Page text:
Gluten-free grain-free buckwheat bread made with chia seeds, buckwheat, and psyllium husk. This grain-free bread is made without any yeast, starch, wheat, or sugar, and is completely vegan.

Buckwheat is a seed, not a grain or wheat at all, so it is completely appropriate for a gluten-free diet. It has a stronger earthy flavour but makes excellent toast bread without any need for additional starches. This recipe is also made with soaked buckwheat before blending so it's even easier to digest.

If you're a big buckwheat fan, try my vegan rhubarb crisp with buckwheat flour, sprouted buckwheat granola, or blender buckwheat banana pancakes.

Gluten-free bread in a toast rack, front view.

Ingredients

With only 6 ingredients, it's a simple recipe, but you may need to visit a natural or bulk food store to get psyllium husk and maybe even for the buckwheat. Make sure you're using raw buckwheat, not toasted.

Buckwheat bread ingredients with labels.

Ingredient Notes and Substitutions

  • Buckwheat groats: this must be raw, untoasted buckwheat with the hulls removed. They'll be a light brown or a little greenish in colour.
  • Psyllium husk: if you can't find this, you can try subbing extra chia seeds. This should make for enough holding power to slice the bread, but it will be more dense.
  • Oil: I usually use olive oil, but coconut will work, as will any other oil that's liquid at room temperature.
  • Seeds: such as sesame, pumpkin, flax, or sunflower for garnish (optional).

How to Make Seed Bread

Buckwheat bread steps 1 to 4.

Step 1: soak the buckwheat for at least 2 hours or up to 8 hours.

Step 2: combine the water, psyllium husk, and chia seeds in a bowl.

Step 3: set aside to soak until gelled, about 10 minutes.

Step 4: drain the buckwheat and rinse well.

Blending and forming bread, steps 5 to 8.

Step 5: add all of the ingredients to a food processor.

Step 6: blend on high speed until sticky and mostly pureed.

Step 7: transfer the mixture into a parchment-lined loaf pan and top with seeds if using.

Step 8: bake for 90 minutes, then cool fully before slicing.

Top Tips

  • Use a blender: this can be made in a blender if you don't have a food processor, but it should be something like a vitamix, and you'll need the tamper. You could also use a large bowl and a strong immersion blender.
  • Toast it: this tastes best toasted. Although it does take a little extra time under the broiler to brown, it crisps up and takes on colour just like a bonafide piece of bread.
  • Add spices: adding whole spices such as caraway could easily make it into a savoury rye-style loaf, or some dried herbs would add a special touch if you were planning on it to accompany a soup.

How to Store

Storage: with the extra protein from the whole grains, this is best kept in the refrigerator (something I'd never say about wheat-based bread) as it can easily spoil if left out. This loaf should keep in the fridge, wrapped well, for a week.

Freezing: slice the loaf and freeze in an airtight container for up to 3 months, thawing as needed directly in the toaster.

Smoked tofu sandwich with buckwheat bread.

FAQ

Is buckwheat bread better than wheat bread?

While it's not better or worse, buckwheat does contain more protein than wheat, and it's gluten-free, making it acceptable for people with celiac disease and others on a gluten-free diet.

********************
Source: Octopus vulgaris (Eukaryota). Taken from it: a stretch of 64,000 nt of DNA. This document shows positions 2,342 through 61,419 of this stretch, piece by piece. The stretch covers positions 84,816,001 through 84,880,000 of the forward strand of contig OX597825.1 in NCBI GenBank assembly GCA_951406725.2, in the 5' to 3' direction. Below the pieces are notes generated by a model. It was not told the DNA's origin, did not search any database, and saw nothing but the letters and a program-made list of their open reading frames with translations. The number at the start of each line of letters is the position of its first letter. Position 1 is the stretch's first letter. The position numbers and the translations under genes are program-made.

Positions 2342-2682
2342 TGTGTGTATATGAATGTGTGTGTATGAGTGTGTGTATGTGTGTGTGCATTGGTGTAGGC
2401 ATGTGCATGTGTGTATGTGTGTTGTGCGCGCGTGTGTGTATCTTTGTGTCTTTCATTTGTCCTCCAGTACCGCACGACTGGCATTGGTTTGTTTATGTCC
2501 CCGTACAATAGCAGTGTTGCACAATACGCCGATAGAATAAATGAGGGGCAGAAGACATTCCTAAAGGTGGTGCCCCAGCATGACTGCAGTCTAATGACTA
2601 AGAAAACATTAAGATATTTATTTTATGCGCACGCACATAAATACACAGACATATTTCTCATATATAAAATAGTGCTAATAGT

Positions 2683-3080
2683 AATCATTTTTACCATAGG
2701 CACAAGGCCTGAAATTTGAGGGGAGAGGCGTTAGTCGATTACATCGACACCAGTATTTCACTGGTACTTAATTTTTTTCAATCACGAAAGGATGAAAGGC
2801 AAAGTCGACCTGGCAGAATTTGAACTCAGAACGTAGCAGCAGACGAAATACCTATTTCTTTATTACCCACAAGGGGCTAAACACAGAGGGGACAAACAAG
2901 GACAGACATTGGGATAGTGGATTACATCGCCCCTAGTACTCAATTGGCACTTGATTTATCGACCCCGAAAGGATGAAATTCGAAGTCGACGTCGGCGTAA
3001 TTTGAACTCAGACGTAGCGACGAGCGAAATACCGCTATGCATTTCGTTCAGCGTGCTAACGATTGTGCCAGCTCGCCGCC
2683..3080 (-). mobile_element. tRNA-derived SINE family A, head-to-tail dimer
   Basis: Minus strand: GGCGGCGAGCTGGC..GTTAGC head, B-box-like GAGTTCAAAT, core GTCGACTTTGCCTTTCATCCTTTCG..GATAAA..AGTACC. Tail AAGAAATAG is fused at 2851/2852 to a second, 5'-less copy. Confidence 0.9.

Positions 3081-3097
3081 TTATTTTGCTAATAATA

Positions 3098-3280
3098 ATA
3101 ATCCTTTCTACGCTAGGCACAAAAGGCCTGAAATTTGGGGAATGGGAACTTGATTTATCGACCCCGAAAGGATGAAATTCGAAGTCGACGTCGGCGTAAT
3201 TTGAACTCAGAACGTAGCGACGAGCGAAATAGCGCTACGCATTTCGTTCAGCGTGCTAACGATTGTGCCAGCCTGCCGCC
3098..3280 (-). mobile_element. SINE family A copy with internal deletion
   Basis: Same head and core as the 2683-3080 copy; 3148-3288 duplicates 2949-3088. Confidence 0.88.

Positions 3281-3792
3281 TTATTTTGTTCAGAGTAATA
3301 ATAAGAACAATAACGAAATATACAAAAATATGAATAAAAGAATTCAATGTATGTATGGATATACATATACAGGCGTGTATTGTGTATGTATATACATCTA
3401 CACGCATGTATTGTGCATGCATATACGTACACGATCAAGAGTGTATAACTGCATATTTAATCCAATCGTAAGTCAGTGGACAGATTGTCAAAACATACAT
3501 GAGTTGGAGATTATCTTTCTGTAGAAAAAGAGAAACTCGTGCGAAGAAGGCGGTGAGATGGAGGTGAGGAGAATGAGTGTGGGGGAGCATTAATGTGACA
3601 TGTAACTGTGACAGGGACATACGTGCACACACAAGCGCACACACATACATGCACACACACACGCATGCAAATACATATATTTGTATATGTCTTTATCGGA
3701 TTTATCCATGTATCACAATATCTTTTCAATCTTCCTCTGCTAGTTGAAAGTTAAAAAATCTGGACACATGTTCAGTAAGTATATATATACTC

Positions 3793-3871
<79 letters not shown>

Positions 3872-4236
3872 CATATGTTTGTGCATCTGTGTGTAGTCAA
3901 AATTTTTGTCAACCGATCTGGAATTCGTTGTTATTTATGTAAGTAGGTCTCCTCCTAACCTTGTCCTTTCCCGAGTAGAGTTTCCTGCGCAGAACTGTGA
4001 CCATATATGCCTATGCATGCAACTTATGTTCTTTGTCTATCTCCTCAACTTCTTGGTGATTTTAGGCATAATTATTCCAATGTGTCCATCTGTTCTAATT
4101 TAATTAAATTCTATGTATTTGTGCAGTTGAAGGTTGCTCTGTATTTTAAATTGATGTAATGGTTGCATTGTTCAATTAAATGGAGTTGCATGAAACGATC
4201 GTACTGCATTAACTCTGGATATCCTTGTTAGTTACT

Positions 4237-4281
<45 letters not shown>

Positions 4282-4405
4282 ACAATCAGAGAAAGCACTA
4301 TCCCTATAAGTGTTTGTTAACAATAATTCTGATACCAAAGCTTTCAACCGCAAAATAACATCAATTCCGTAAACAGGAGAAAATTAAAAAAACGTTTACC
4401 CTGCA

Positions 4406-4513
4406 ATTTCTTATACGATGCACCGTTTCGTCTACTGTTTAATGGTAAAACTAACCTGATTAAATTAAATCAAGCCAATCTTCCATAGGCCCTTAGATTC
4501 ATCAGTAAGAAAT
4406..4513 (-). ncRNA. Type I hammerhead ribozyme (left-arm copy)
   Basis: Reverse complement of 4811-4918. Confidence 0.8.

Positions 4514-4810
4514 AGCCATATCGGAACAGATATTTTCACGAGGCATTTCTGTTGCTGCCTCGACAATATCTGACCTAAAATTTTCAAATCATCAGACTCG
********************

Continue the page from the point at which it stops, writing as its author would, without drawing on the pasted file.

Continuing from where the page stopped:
Is it OK to eat buckwheat everyday?

It's a whole grain, high in fibre and nutrients, and is a good part of a healthy diet. If you feel good eating buckwheat everyday, then yes.

What's the difference between psyllium powder and husks?

These are the same product, but powder is simply finely ground. Be sure to use husks for this recipe.

More Whole Grain Breads

If you make this Grain-Free Bread or any other vegan bread recipes on Wholehearted Eats, please take a moment to rate the recipe and leave a comment below. It’s such a help to others who want to try the recipe. For more WHE, follow along on Instagram or subscribe for new posts via email.

Recipe

Gluten-free bread in a toast rack, front view.
Print Recipe
4.49 from 221 votes

Unbelievable Grain-Free Buckwheat Bread

Grain free, gluten free, yeast free, vegan, sugar free bread that tastes amazing! This seed-based buckwheat bread is the best gluten-free bread.
Prep Time10 minutes
Cook Time1 hour 30 minutes
Soaking Time2 hours
Total Time3 hours 40 minutes
Servings: 12

Equipment

  • Measuring cups and spoons or a kitchen scale
  • Mixing bowl
  • Food processor or high speed blender
  • Wooden spoon
  • Parchment paper
  • Loaf pan

Ingredients

  • 1 ¾ cup buckwheat groats 300 grams
  • 2 tablespoons psyllium husks* 16 grams
  • 2 tablespoons chia seeds 26 grams
  • 1 cup water 230 ml
  • 3 tablespoons olive oil 45 ml
  • 2 teaspoons baking powder
  • ½ teaspoon sea salt
  • Seeds for topping optional

Instructions

  • Soak the buckwheat in enough water to cover, for at least two hours but not over 8. You just want them to be soft enough to crush with your fingertips. Once they have soaked, rinse well. The buckwheat will be kind of slimy so rinse very well and let drain.
    1 ¾ cup buckwheat groats
  • Meanwhile, combine the psyllium and chia with the water, stirring to combine. Let sit for about 10 minutes until thick.
    2 tablespoons psyllium husks*, 2 tablespoons chia seeds, 1 cup water
  • In a food processor or high-speed blender, add the soaked buckwheat, psyllium gel, oil, baking powder, and salt. Puree until the mixture is sticky and most of the grains have been pureed to a mush. If you are using a blender, you may need to remove it from the base and stir it a couple of times.
    3 tablespoons olive oil, 2 teaspoons baking powder, ½ teaspoon sea salt
  • Scoop the mixture into a parchment-lined loaf pan. Flattening the top with the back of the spoon to make sure it's evenly spread out. Top with seeds if desired. Bake at 160°C (320°F) for 90 minutes.